Military

Just How Much Should The Iraq War Matter Today? – Alex Christy

This March will mark the seventeenth anniversary of the start of the Iraq War and despite the fact that the withdrawal that ended the war occurred just over eight years ago, the war still dominates much political discourse and has shaped contemporary politics. Without it, Barack Obama probably never becomes president and without Obama, Donald Trump doesn’t either.

In 2016 Bernie Sanders tried to differentiate himself from Hillary Clinton by citing Clinton’s vote in favor of the war and is now doing the same with Joe Biden. Also in 2016, Donald Trump made opposition to the war a defining difference between him and the more traditional Republican candidates.

The 2016 Primary was a rude wake-up call for Republicans who never had the in-tent conversation about the war that Democrats did. During the Bush Administration, support for the troops and the need to defend the wartime president from the crazy Democrats kicked the can down the road. During the Obama years, the can was kicked further down the road as Republicans unified in opposition to whatever could be considered the Obama Doctrine.

Whenever anyone, such as Rand Paul, spoke up they were quickly silenced and not entirely unfairly, described as a loon and on the fringe.

Criticizing Obama’s 2011 withdrawal that left a power vacuum that led to the raise of ISIS also enabled Republicans to skirt the larger theoretical issues on the table, but the rise for Trump forced Republicans to consider the possibility that their allied think tanks and the base do not share the same priorities on foreign affairs.

For many people on the far-left and on libertarian or populist-right, the war was an epic mistake and anybody who supported it, should be deemed unqualified for higher office. For most Republicans and more establishment Democrats, they say they made the best decision that was available to them at the time.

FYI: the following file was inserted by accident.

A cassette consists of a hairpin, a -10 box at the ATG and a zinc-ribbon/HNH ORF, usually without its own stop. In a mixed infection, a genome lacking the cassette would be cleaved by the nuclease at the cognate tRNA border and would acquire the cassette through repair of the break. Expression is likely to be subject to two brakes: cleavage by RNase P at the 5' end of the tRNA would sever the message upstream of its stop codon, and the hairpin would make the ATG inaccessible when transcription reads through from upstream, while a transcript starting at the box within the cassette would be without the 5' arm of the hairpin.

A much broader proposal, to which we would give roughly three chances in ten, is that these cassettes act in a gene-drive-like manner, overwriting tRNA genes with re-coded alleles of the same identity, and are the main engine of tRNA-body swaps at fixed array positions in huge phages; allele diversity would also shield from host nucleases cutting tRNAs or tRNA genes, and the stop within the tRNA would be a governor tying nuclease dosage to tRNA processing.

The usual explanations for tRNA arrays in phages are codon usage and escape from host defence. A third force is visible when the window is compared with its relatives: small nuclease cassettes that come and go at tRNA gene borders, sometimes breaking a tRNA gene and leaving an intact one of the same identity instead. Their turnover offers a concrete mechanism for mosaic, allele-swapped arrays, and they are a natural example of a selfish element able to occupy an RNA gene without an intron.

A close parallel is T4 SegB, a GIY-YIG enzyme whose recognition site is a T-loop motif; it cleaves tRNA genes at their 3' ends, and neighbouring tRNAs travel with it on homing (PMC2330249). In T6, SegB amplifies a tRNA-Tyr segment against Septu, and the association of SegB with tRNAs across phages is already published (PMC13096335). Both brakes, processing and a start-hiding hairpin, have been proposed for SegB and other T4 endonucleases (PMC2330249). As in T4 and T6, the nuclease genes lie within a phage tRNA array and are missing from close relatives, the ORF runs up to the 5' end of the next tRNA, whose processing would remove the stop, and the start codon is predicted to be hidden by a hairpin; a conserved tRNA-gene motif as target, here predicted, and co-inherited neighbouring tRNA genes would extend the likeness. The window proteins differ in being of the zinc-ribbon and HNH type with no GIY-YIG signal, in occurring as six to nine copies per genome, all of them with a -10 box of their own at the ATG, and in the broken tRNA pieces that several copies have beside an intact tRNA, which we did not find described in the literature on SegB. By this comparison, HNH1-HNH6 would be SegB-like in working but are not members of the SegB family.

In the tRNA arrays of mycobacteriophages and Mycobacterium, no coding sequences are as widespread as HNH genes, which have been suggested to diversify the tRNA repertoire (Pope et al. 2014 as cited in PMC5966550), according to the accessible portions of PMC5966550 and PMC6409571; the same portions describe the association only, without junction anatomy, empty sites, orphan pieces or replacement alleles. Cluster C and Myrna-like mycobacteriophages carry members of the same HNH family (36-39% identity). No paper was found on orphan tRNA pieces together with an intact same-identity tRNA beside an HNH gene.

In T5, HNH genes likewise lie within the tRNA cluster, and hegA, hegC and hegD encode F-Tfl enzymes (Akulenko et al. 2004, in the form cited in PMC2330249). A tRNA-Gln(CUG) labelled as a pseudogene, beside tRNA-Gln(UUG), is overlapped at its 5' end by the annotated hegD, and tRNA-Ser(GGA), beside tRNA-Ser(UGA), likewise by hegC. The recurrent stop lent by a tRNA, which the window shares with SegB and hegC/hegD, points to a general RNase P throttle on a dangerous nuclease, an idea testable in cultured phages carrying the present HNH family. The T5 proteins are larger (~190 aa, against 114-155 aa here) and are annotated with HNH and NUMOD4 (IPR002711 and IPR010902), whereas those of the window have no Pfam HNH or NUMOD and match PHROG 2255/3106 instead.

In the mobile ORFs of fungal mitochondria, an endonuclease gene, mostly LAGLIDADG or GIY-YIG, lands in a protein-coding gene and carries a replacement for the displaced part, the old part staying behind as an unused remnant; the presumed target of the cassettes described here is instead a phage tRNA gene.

The problem with this sort of retrospective analysis is that it relies on assumptions about what a revisionist history would have looked like. Was Saddam, despite the fact he was a tyrant, a stabilizing force who suppressed sectarian grievances, who kept Iran in a box or was he an irrational madman who had previously started two wars and if given the opportunity to re-arm, start at third? Would he have re-developed the WMDs eventually, even if they weren’t there when we did take him out?

The problem is exacerbated when you realize there is truth to both.

We’ll never know for certain what would have happened had the Iraq War never happened, but these alternative histories are what we obsess over. This is a mistake.

Instead of disqualifying people from higher office for making what was a widely popular decision at the time, a better course of action would be to ask candidates what they learned.

Granted, these questions are more likely to be asked of those of us on the right side of things, but those on the left who supported Obama’s action in Libya or supported his decision to distance himself from Hosni Mubarak on human rights grounds can be asked similar questions.

Beyond the WMDs, the shooting of coalition aircraft enforcing no-fly zones, and other national security concerns, the Iraq War was also an intellectual experiment in a way that almost no war before it was. That premise was that what worked in Eastern Europe after the fall of communism would work in Iraq after the fall of Saddam. Unfortunately it did not. The vision that said that democracy would bring not only freedom, but stability, because down in the hearts of every man and women is a yearning for freedom, has been severely undermined by events.

Candidates should be asked tough questions that may seem academic, but are more important than whether or not the Iraq War itself was wise. The Iraq War in retrospect is an analysis of alternate history, but the lessons from it are not.

What are the limits of promoting democracy and human rights? Are our values as universal as we think? Do all people want freedom and democracy? Is the promotion of democracy and human rights an means to an end or an end in and of themselves? Where on the list of foreign policy priorities in 2020 is exportation of American values? What role does the military have in exporting those values? Is a stable dictatorship better than an unstable democracy?

While Bernie Sanders may be criticizing Joe Biden for the Iraq War, these are questions he needs to answer too, because there is more to the academic side of the Iraq War than the limits of regime change via direct military action.

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